Mark Van Doren
The Happy Critic

The whole of Don Quixote is either a series of adventures or a series of conversations. More properly, since many of the conversations are about the adventures, before as well as after they take place, it is both series intertwined. The book, that is to say, is neither all action nor all talk. It is not a yam, and it is not a philosophical dialogue. Its events are of deep interest to the intellect, and its discussions advance the plot. So it is dangerous to emphasize the one thing at the expense of the other, though more will be lost by ignoring the speeches than will be lost by overlooking the overt, the visible deeds. The deeds, in fact, are less likely to be overlooked than the commentaries upon them, and sometimes it appears that they are the only items a reader remembers: Don Quixote, by the common account, is nothing but a story of a foolish, fond old man who began by making a mistake about windmills and went on to make innumerable other mistakes of the same description.

But this is not what one finds if one reads the book with loving and continuous care. For then it turns out that the hero is quite as much a talking as a doing man. And the final memory may be of a voice, magnificent not merely for itself but for the mind that inspires it, which one will not expect to hear again in any book. The eloquence of Don Quixote is in a class by itself. No other hero ever talked as richly or as well. And this may seem strange if what he wanted to be, or to seem to be, was a knight at arms. The knights of the romances spoke handsomely upon occasion, but for the most part they rode and fought. If Palmerin of England, whom the barber and the curate ranked second to Amadis of Gaul, is an outstanding exception to this rule, he is also an outstanding bore. Don Quixote, who talks ten times as much, is anything you please but he is never a bore. He is busier talking about knights than being one; he contemplates rather than fulfills the role; but precisely there is where his charm comes in.

'A man that talks well,' remarks the Duke, 'can never talk too much.' He is speaking of Sancho, and he does not mean the compliment, though indeed he should; but any good reader will accept it for Sancho's master, whose resonant tones, matching so perfectly his resonant thoughts, make of the entire book a musical work distinguished for the depth and variety of its sound. The style of Don Quixote is perhaps the most delicious style in any literature. This man can say anything, short or long; he knows his way as genius does through the labyrinth of intellect and language; and there is endless learning at his command. He is never out of touch with his erudition, which certain of his interlocutors consider excessive but which all of them recognize as native to a mind both spacious and subtle, both full to overflowing and free to overflow. The slightest object can remind him of vast subjects for discourse: an acorn of the Golden Age, a millpond of the seven seas. And often he is wise. Men who see him coming and think him simply crazy remain in his path so that they may exchange words with him and extract amusement from the poor mad things he will say. But most of the things he says do not strike them as poor or mad, and they are puzzled. There is a soundness in his views that moves them almost to complain. Such a man has no right to be so interesting or so true. Of course he is false with respect to knighthood; he is clearly insane when it comes to that; yet of any other matter he has a gentleman's, a scholar's, understanding. He is acute and humane; and he evidently knows his Aristotle.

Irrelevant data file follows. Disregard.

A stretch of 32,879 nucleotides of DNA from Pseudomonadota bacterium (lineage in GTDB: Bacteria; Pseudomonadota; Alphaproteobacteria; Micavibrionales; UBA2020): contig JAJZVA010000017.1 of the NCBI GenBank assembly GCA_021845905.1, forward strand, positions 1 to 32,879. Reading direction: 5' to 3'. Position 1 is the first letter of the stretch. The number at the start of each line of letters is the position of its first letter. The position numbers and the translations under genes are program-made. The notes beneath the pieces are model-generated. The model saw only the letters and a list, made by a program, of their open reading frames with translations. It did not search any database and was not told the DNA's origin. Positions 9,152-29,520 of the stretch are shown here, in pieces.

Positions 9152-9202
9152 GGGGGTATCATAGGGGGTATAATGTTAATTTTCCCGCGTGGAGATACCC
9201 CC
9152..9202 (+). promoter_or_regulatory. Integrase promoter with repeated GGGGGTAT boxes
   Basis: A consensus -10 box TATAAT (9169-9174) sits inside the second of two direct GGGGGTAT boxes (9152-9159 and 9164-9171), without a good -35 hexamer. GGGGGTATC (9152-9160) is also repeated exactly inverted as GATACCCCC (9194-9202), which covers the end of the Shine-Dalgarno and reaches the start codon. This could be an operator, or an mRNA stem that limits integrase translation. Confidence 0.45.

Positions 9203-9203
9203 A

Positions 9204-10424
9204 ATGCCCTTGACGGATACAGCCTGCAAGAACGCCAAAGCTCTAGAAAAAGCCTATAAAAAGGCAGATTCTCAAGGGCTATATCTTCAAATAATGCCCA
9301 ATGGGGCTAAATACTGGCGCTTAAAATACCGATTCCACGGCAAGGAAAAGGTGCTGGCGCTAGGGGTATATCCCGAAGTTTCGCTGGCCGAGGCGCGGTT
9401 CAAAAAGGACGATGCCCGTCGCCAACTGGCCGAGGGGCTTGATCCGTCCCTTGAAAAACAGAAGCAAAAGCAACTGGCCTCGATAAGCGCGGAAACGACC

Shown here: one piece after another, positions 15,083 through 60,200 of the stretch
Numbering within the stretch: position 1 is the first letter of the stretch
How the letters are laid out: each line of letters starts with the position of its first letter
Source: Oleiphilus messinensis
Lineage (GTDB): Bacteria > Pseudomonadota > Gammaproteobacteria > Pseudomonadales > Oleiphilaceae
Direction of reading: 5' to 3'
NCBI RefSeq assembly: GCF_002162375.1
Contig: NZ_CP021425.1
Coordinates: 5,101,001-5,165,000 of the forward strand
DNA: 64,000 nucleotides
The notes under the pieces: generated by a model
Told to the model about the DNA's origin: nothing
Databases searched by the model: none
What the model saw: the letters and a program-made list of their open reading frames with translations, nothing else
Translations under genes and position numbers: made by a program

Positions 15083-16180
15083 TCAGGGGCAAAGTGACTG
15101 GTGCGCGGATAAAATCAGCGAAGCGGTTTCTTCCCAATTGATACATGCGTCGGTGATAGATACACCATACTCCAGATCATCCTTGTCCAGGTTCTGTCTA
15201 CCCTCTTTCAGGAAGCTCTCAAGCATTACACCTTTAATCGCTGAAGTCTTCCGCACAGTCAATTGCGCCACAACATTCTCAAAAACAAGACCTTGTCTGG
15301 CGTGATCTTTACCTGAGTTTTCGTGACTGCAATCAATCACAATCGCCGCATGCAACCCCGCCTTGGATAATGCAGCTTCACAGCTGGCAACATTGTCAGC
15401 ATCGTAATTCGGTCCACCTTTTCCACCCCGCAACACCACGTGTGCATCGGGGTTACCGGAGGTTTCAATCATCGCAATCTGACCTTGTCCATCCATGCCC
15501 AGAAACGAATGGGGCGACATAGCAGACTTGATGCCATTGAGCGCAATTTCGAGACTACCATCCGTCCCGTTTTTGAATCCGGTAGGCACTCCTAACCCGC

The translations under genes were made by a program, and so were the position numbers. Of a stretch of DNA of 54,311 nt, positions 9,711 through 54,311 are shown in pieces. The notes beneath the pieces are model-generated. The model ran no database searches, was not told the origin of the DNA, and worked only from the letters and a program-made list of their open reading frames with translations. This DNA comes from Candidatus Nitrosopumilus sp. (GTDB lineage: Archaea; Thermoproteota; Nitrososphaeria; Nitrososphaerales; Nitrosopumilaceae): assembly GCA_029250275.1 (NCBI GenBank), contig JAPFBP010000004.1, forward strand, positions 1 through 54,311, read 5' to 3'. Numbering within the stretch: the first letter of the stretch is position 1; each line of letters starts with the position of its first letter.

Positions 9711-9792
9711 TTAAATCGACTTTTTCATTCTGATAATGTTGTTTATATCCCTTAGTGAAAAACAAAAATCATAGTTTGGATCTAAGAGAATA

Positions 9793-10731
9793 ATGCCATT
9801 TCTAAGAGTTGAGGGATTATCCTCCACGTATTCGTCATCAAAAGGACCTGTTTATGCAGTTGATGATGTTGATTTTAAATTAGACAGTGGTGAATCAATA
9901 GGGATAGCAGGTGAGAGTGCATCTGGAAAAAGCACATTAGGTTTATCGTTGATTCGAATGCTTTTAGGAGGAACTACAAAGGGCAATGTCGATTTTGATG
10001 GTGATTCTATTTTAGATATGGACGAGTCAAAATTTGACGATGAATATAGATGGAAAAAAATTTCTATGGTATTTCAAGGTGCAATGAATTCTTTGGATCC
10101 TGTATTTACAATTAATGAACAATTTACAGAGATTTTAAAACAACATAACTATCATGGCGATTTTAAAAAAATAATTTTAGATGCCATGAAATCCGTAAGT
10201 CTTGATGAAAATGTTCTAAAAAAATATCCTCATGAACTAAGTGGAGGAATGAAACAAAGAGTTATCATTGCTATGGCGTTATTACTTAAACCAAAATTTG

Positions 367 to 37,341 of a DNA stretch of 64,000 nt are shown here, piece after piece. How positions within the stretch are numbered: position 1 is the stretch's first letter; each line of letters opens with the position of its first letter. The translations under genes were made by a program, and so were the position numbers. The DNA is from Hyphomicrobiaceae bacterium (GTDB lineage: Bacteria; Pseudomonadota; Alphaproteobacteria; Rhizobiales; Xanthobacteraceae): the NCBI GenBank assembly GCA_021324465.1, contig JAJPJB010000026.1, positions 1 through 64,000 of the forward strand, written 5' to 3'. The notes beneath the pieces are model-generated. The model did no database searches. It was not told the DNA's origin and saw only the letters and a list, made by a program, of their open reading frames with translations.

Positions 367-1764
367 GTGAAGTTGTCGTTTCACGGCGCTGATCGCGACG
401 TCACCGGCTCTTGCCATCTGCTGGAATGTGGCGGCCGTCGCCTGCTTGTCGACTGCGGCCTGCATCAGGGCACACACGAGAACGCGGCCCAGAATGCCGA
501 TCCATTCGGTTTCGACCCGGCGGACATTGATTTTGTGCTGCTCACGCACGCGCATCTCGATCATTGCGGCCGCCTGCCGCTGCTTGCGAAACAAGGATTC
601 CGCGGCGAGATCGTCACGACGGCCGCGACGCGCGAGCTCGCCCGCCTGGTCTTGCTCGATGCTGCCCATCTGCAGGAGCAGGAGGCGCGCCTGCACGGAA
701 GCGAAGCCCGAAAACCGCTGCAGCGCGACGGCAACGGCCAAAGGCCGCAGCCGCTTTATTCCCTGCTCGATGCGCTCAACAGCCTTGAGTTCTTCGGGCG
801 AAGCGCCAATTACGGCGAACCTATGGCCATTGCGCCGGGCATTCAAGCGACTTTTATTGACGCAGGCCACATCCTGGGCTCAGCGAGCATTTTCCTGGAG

It never occurs to these men that because he is right about so many other things he may be right about knight-errantry too. Nor may it occur to us who have listened to him night and day since the book began. But the reason in our case is a little different. His wisdom has long since ceased to seem inconsistent with the rest of him, whatever the rest of him is. We have fallen so deeply in love with his manner that we have forgotten how to judge his matter; we have lost in large part our interest in the question of his madness. Would that all men could talk as he talks. He is king of his world, and he is perhaps the king of any world we can imagine. When we see him dressing for dinner, whether at the Duke's house or at the meanest inn, we know that he will descend to dominate a dinner table where others tolerantly await him. He will determine the topics to be discussed, and he will not only lead but ornament the discussion.

The topic he likes best is his beloved books of chivalry—were they true and are they true? And if they seem so real that we delight to read them, what is the meaning of our delight? Is it entertainment or instruction, is it belief or make-belief? He will pursue this theme with anybody: the barber and the curate, Don Vivaldo, the Canon of Toledo, Don Diego and his son, or the Duke's priest who is so sure that he himself is right. With the Canon of Toledo the discussion branches out until it takes in such subsidiary topics as the difference between poetry and history, and the difference too between learned and unlearned readers; for both have their claims, and the greatest writers condescend to neither. With Don Lorenzo, Don Diego's son, the talk is all of poetry, an art which the young man has practiced with but small success to date. He is encouraged by Don Quixote, whom he considers mad on every other subject, to believe himself a good poet; for the old stranger seems to know a great deal about the art, and who is to say whether he flatters or not the author of the specimens placed before him?

  The World was all before them, where to choose
Their place of rest, and Providence their guide:
They, hand in hand, with wand'ring steps and slow,

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Through Eden took their solitary way.